M. B. Trapp

Online publication date:
Dec 2015
Oxford Research Encyclopedia:
Greek Literature
Apollonius (4) (2nd cent. bce), of *Alabanda, called ὁμαλακός (‘soft’, ‘cissy’), a pupil of Menecles, founded a school of rhetoric at Rhodes, visited by Q. *Mucius Scaevola (1) and M. ... More

Apollonius (5), Greek author of Historiae thaumasiai  

Richard Hunter

Online publication date:
Dec 2015
Oxford Research Encyclopedia:
Greek Literature

Apollonius (5), ? 2nd cent. bce, author of Historiai thaumasiai, a *paradoxographical compilation from earlier writers, preserved in Palatinus Graecus 398.

Apollonius (9) Molon  

M. B. Trapp

Online publication date:
Dec 2015
Oxford Research Encyclopedia:
Greek Literature
Apollonius (9) Molon (1st cent. bce), of *Alabanda, rhetor and grammarian, was a pupil of Menecles; he lectured at Rhodes and visited Rome (87 and 81 bce), teaching *Cicero and other ... More

Apollophanes  

Geoffrey Arnott

Online publication date:
Dec 2015
Oxford Research Encyclopedia:
Greek Literature
Apollophanes, Athenian Old *Comedy poet with one victory at the *Lenaea (IG 22. 2325. 132 = 5 C 1 col. 2. 6 Mette). In his Κρῆτες (Cretans) one character spoke Doric (fr. 7 KA = 6 K) (see ... More

Appian  

Kai Brodersen

Online publication date:
Dec 2015
Appian (Ἀππιανός) of Alexandria, Greek historian. Born in *Alexandria (1) at the end of the 1st cent. ce, he experienced the Jewish rising of ce 116/7, became a Roman citizen, moved to Rome as an ... More

Apsines  

M. B. Trapp

Online publication date:
Dec 2015
Oxford Research Encyclopedia:
Greek Literature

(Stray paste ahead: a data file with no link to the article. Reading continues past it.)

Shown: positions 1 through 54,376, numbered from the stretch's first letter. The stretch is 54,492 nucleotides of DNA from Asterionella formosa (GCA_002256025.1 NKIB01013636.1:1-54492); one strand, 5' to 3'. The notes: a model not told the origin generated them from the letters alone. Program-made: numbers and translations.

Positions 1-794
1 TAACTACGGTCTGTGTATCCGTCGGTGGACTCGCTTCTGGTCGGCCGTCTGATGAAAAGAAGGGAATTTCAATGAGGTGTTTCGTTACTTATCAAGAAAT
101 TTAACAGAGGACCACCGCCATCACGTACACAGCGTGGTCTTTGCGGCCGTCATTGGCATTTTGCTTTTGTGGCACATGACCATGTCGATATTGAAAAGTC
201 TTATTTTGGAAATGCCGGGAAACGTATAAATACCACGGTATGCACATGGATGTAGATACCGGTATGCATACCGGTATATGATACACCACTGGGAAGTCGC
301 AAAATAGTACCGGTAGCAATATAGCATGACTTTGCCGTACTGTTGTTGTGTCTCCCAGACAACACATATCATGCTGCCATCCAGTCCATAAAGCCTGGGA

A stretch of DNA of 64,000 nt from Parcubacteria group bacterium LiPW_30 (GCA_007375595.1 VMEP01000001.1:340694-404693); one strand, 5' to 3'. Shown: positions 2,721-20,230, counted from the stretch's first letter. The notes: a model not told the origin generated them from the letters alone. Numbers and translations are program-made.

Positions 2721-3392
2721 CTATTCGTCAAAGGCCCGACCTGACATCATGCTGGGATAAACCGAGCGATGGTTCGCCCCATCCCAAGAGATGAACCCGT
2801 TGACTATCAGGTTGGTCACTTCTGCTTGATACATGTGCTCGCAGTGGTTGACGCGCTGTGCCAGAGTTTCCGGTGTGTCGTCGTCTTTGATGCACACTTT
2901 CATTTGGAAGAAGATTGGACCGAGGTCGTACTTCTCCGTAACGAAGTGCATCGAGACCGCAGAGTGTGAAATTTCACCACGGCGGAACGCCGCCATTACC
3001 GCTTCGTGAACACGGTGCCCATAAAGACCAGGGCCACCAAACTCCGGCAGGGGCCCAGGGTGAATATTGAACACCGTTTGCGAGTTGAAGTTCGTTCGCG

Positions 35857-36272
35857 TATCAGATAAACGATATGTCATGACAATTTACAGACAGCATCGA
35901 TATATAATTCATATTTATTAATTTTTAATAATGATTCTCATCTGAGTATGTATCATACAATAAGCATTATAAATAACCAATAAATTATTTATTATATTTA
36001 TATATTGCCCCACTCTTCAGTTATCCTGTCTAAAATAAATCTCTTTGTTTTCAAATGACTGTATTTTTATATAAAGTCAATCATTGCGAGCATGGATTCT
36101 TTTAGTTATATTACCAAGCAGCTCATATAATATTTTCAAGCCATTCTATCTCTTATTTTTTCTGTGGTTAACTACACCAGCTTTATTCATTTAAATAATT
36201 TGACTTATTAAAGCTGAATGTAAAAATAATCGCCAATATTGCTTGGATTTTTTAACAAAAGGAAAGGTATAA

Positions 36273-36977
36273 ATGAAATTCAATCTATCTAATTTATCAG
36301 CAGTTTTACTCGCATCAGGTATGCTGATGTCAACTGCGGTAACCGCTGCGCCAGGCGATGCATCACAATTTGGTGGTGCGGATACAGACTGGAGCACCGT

Apsines, Athenian rhetor and rival of a Fronto of Emesa; author of On Figures, Investigations, and Declamations. His Rhetoric (Τέχνη), now heavily interpolated, drew extensively on ... More

Araros  

Kenneth Dover

Online publication date:
Dec 2015
Oxford Research Encyclopedia:
Greek Literature
Araros (Ἀραρώς), son of *Aristophanes (1), produced (after 388 bce) two of his father's plays, Kokalos and Aiolosikon (hyp. 4 Ar. Plut,). The first play of his own was produced in 375; we ... More

Arcadius (1)  

Peter Barr Reid Forbes and Robert Browning

Online publication date:
Dec 2015
Oxford Research Encyclopedia:
Greek Literature
Arcadius (1), of Antiocheia, a grammarian, of the later empire, who wrote a (lost) Ὀνοματικόν (table of noun inflexions). To him is falsely ascribed an extant epitome from *Herodian (1), ... More

Archedicus  

Geoffrey Arnott

Online publication date:
Dec 2015
Oxford Research Encyclopedia:
Greek Literature

Archedicus, New *Comedy poet, who slandered *Demochares, nephew of *Demosthenes (2) (fr. 4 and Polyb. 12. 13).

Archestratus, of Gela, poet, mid-4th cent. BCE  

Richard Hunter

Online publication date:
Dec 2015
Oxford Research Encyclopedia:
Greek Literature
Some 340 hexameters are preserved by *Athenaeus (1) from the Hēdupatheia (also cited as Gastronomia Deipnologia, and Opsopoiia), a culinary tour of the Mediterranean, which *Ennius was later to ... More

Archilochus  

Martin Litchfield West

Online publication date:
Dec 2015
Oxford Research Encyclopedia:
Greek Literature
Greek iambic and elegiac poet, from *Paros. He mentioned *Gyges, who died c.652 bce (fr. 19), and a total solar eclipse which was almost certainly that of 6 April 648 (fr. 122); a memorial to his ... More